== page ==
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John Petersen is executive vice president and chief financial officer of ePower Engine Systems, Inc., a company that has developed, built and demonstrated an engine-dominant diesel-electric hybrid drivetrain for long-haul heavy trucks that promises fuel savings of 25 to 35 percent depending on... More
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  • Quick Note From Istanbul 5 comments
    Sep 23, 2010 10:04 AM | about stocks: ENS, AXPW

    Yesterday in the opening session the president of Enersys Europe (NYSE:ENS) said that stop-start was sweeping Europe and the industry expects it to be a dominant technology by 2015 and standard equipment on all cars by 2020. He also said most of the current stop-start systems are dual battery systems where the total battery value per vehicle was 2x to 3x historic norms.

    This morning BMW presented their proposed dynamic charge algorithm for testing stop-start batteries which is working it's way through the EU regulatory system. It uses a 60 second load of 50 amps to simulate accessories during an engine off event. a 1 second load of 300 amps to simulate the start cycle and a recharging cycle to restore an 80% state of charge.

    Immediately after the BMW presentation, Axion Power (NASDAQ:AXPW) presented a paper that was co-authored by BMW which showed longer term cycle life performance that mirrored the battery degradation graphs I published a couple weeks ago here:

    Based on everything I've seen here, it looks like flooded lead-acid won't work in stop-start. VRLA may work in vehicles that are not accessory rich and PbC will be very competitive for cars with heavy electronics loads. If the BMW testing protocol is adopted by the EU, the PbC advantage will be even greater.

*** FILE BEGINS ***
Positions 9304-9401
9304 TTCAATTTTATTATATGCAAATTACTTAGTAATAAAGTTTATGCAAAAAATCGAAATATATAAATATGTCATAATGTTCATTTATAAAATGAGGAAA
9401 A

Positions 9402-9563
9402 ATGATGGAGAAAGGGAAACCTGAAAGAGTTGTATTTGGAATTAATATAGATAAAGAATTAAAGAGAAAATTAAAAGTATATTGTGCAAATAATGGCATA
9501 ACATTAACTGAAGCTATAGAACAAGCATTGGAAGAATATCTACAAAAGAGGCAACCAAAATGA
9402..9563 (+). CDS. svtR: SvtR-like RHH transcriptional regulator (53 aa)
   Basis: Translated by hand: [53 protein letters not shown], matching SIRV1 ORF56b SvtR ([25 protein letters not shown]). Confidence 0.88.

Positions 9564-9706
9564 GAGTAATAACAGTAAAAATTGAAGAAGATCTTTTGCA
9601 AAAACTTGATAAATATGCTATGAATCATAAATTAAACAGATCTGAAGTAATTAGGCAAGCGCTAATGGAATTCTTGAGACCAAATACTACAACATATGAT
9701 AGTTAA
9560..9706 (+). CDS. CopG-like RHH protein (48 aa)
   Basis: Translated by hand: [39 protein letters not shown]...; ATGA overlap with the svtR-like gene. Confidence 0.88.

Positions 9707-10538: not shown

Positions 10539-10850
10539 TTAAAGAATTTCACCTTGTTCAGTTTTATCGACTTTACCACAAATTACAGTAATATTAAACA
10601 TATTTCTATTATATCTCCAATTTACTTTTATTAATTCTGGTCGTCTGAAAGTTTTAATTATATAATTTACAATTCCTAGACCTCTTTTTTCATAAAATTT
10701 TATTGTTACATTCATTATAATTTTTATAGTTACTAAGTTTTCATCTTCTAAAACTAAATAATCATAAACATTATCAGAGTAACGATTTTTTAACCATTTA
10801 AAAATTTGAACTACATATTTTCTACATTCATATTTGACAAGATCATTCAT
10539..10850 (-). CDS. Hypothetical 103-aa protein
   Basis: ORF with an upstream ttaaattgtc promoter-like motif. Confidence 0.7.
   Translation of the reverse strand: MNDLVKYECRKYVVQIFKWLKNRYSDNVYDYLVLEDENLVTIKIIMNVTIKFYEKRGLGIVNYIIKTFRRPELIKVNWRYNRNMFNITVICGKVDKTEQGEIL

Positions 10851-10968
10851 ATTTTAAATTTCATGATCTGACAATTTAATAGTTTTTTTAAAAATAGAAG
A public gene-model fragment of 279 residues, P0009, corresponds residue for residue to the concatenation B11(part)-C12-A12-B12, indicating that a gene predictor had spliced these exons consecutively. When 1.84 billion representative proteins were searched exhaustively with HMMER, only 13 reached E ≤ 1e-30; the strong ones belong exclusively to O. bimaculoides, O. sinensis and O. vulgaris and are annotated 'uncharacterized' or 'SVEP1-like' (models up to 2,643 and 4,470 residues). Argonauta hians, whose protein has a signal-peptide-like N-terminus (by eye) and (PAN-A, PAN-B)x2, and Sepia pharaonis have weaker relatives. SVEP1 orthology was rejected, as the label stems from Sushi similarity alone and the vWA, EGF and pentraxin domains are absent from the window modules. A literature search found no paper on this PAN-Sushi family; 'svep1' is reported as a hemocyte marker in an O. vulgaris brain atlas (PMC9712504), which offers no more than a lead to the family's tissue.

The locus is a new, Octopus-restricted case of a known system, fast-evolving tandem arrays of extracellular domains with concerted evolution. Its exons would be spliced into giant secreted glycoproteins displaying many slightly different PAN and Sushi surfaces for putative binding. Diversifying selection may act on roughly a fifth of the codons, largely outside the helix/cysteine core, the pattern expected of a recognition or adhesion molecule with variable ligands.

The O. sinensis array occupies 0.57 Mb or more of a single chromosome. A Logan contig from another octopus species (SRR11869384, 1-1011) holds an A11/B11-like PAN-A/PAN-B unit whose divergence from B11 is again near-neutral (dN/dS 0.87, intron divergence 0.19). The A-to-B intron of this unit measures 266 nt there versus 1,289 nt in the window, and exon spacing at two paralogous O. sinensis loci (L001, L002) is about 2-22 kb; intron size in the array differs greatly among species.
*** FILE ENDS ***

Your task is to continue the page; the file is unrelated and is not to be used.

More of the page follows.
I'm working on a laptop which is a monumental pain so I'll do something more detailed when I get back to the office.

    Disclosure: Long AXPW.OB

    Stocks: ENS, AXPW
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Comments (5)
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  • D. McHattie
    , contributor
    Comments (1844) | Send Message
    Thanks John. I always want to hear more but this instablog has at least given me a taste.


    Looking forward to the full review.


    23 Sep 2010, 01:00 PM Reply Like
  • froggey77
    , contributor
    Comments (3239) | Send Message
    From your message to him, Kirk T from over at the yahoo Axion mb Listed 400,000 cycles. (for Axion's PbC battery).
    KT has done his usual good job of pointing this out as a possible typo.
    As 40,000 is about 5 years of simulated use. (Also from KT)
    400,000 length of testing seems unlikely.
    As in 50 years worth of cycle life testing.


    Thanks for the update.
    23 Sep 2010, 09:24 PM Reply Like
  • John Petersen
    , contributor
    Comments (30629) | Send Message
    Author’s reply » The number I sent kirk was from recall and may well have been 40,000, which actually makes a bit more sense for a stop-start cycle life, but we won't be getting the conference proceedings disk for another few days to confirm. They may well have run to 400,000 cycles because that's a typical HEV cycling life, but I wouldn't swear to either.
    23 Sep 2010, 11:02 PM Reply Like
  • froggey77
    , contributor
    Comments (3239) | Send Message
    Thanks John.
    Frankly I think either is a win, but I know you want to keep the info straight.
    The graph you had before was only to 5,000 cycles. While it looked really good, it's nice to see the longer data.
    24 Sep 2010, 08:20 PM Reply Like
  • John Petersen
    , contributor
    Comments (30629) | Send Message
    Author’s reply » The longer data was actually quite critical because showing six months is interesting but showing five years is an order of magnitude more impressive. While the PbC graph was as stable as a rock for the whole test, the others didn't fare anywhere near as well.
    25 Sep 2010, 12:56 AM Reply Like
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